Review of Nuclear Wasteland on XBLIG: Pass
More like a tech demo than actual game, Nuclear Wasteland is devoid of people and purpose.
I was quite excited to review Nuclear Wasteland. The game had a nice trailer, a 3.5 rating on Xbox Live, good box art, and was at the top of Major Nelson’s weekly sales list. I even had respect for the game using “mutants” instead of “zombies”. Score one for creativity.
The title screen graphics and font choice reminded me of Red Dead Redemption, which is odd considering I had never played Red Dead Redemption. There game options were limited, yet I was grateful for y-axis inversion to be among the choices; an old PC FPS player I cannot get behind a normal y-axis. There was also a sensitivity option, which I set to medium then started a game.
I spent a good deal of time in the loading screen, which was somewhat useful as the instructions were crammed in to one screen and needed the additional time to decode. After loading, I found myself in a world of brown, gray, and brown-gray blends. Realizing I had already forgotten the controls listed on the prior screen, I fumbled to find the trigger and died in under 8 seconds.
My second life went a little better. I managed to run around and avoid approaching mutants, allowing time to reload my gun between shots. I then switched up attacks and smacked mutants with the butt of my pistol. This did little but piss them off, and I died shortly after.
I died often my first few games while trying to figure out what was going on and what I should be doing. I died enough that I noticed the UI didn’t always jive when trying to say, “You gonna die sucka!”. Sometimes the screen would go red as I neared death, other times I just fell down. Once I died standing up. It was as if I had died but didn’t know it for a moment and continued to fight.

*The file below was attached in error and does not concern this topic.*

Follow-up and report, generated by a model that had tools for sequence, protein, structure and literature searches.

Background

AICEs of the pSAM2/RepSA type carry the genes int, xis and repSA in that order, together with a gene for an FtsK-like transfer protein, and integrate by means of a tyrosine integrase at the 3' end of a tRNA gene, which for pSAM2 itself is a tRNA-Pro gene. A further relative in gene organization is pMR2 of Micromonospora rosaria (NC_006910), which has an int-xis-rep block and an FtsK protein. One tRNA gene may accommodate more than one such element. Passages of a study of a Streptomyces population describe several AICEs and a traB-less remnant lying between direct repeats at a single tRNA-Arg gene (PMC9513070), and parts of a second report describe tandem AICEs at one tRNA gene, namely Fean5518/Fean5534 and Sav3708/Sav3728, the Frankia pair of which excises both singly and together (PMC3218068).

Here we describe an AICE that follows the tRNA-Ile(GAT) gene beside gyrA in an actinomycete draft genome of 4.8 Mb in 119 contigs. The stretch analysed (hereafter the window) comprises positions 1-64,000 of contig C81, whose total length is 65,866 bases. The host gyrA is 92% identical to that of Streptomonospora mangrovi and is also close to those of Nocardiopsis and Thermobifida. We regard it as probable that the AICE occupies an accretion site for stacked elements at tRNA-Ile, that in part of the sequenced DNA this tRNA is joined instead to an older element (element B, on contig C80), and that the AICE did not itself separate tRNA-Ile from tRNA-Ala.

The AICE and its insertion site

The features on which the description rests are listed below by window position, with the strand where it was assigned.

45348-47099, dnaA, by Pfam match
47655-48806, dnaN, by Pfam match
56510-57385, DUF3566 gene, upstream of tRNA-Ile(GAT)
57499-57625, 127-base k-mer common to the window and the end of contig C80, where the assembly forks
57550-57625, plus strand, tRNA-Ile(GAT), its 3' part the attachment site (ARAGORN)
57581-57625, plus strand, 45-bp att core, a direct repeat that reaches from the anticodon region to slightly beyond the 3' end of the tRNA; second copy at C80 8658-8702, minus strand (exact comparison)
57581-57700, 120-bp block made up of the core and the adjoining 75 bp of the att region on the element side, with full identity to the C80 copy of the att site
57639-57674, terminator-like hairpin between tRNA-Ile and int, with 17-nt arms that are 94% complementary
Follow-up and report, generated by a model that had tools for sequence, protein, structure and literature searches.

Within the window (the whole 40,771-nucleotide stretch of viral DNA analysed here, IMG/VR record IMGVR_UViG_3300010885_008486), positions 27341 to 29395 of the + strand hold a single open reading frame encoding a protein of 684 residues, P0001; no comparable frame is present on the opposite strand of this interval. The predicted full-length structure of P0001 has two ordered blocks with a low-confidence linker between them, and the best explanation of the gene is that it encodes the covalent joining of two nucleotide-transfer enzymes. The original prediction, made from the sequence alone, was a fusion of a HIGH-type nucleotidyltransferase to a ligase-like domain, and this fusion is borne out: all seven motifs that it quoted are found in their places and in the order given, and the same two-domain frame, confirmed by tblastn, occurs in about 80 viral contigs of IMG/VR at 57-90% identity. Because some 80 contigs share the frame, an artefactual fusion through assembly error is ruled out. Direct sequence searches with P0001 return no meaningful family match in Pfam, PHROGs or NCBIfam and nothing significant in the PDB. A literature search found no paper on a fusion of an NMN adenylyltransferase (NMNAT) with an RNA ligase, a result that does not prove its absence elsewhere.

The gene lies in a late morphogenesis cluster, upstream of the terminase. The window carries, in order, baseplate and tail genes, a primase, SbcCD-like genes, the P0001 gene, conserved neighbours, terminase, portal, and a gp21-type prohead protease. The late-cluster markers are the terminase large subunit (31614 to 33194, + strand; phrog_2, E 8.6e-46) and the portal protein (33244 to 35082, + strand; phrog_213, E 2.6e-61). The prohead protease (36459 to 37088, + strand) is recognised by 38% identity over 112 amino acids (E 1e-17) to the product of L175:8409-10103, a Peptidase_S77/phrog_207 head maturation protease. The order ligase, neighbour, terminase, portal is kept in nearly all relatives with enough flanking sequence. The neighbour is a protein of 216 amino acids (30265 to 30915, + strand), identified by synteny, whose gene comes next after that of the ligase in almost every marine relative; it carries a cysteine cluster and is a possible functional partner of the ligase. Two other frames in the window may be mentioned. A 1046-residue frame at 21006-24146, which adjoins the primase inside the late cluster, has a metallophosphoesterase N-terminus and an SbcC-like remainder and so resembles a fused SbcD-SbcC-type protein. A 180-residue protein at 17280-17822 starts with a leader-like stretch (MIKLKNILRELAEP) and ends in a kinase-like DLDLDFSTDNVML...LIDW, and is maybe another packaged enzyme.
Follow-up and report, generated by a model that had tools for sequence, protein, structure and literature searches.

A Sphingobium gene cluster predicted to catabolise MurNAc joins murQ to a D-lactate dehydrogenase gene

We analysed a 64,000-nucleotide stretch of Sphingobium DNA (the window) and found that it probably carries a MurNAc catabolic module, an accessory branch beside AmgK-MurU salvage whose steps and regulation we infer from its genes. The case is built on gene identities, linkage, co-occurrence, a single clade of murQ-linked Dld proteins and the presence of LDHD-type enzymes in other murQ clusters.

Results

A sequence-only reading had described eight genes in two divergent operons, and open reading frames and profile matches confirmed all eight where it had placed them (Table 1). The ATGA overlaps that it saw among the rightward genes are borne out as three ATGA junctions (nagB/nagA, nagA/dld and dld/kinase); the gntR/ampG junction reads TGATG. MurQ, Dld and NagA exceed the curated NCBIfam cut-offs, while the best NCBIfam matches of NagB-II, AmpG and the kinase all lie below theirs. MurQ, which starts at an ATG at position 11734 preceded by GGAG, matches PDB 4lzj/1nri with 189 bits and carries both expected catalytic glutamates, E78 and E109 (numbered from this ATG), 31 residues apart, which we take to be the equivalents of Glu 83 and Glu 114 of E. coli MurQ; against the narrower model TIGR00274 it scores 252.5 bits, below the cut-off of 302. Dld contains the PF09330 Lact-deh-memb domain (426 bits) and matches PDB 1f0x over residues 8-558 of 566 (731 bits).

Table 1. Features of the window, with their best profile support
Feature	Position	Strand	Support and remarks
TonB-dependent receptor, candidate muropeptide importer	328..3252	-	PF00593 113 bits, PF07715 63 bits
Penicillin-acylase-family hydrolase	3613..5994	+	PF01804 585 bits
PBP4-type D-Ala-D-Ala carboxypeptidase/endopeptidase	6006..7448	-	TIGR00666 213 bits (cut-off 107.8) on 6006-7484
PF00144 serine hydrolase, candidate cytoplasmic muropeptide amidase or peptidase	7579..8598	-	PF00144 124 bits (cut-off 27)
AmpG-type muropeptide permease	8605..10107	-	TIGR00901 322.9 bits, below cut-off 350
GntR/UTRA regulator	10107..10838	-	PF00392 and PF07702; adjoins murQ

My deaths were not in vain however, as they taught me the ways of this post apocalyptic hell. The mutants came in waves. After a wave was killed, a door to a building may open revealing a health station, a new weapon, or ammo (the starting pistol had unlimited ammo). To heal, I had to stand in the health station while holding B. I discovered I could heal while shooting, getting hit, and reloading.
So that was my plan. I stood in the health station using the door as a choke point, and shot all the mutants but one. If they managed to get in the door, I healed while they hit me. The last mutant of the wave I left alive. If I killed it, a new wave would trigger and limit my time to roam the map for new weapons and ammo. Rinse, repeat, use only as directed.
I managed to get though 29 waves, totaling over 1500 mutant kills. Not a bad plan. I’m not sure if I hit a bug or of it was supposed to happen, but sometimes the health station would stop working (“Press B to Heal” no longer appeared on the screen). There were two healing stations, so when this happened at one I switched to the other. I lost a few lives during these switches, and finally lost my last life when my shotgun kept missing a mutant at point blank range.
I was glad for it to be over. There was no background music and many actions like picking up items had no sound effect. The mutants were all identical and increased little in skill and number between waves. The guns all felt the same, just like the mutants.
I have to give Nuclear Wasteland a pass. I am impressed with the engine, but there is no a game here. The addition of levels, or map goals like item collection would go a long way to making me feel like I have a purpose. The developer mgKelly has potential, and finding someone to collaborate with for creative ideas could yield some Indie hits.
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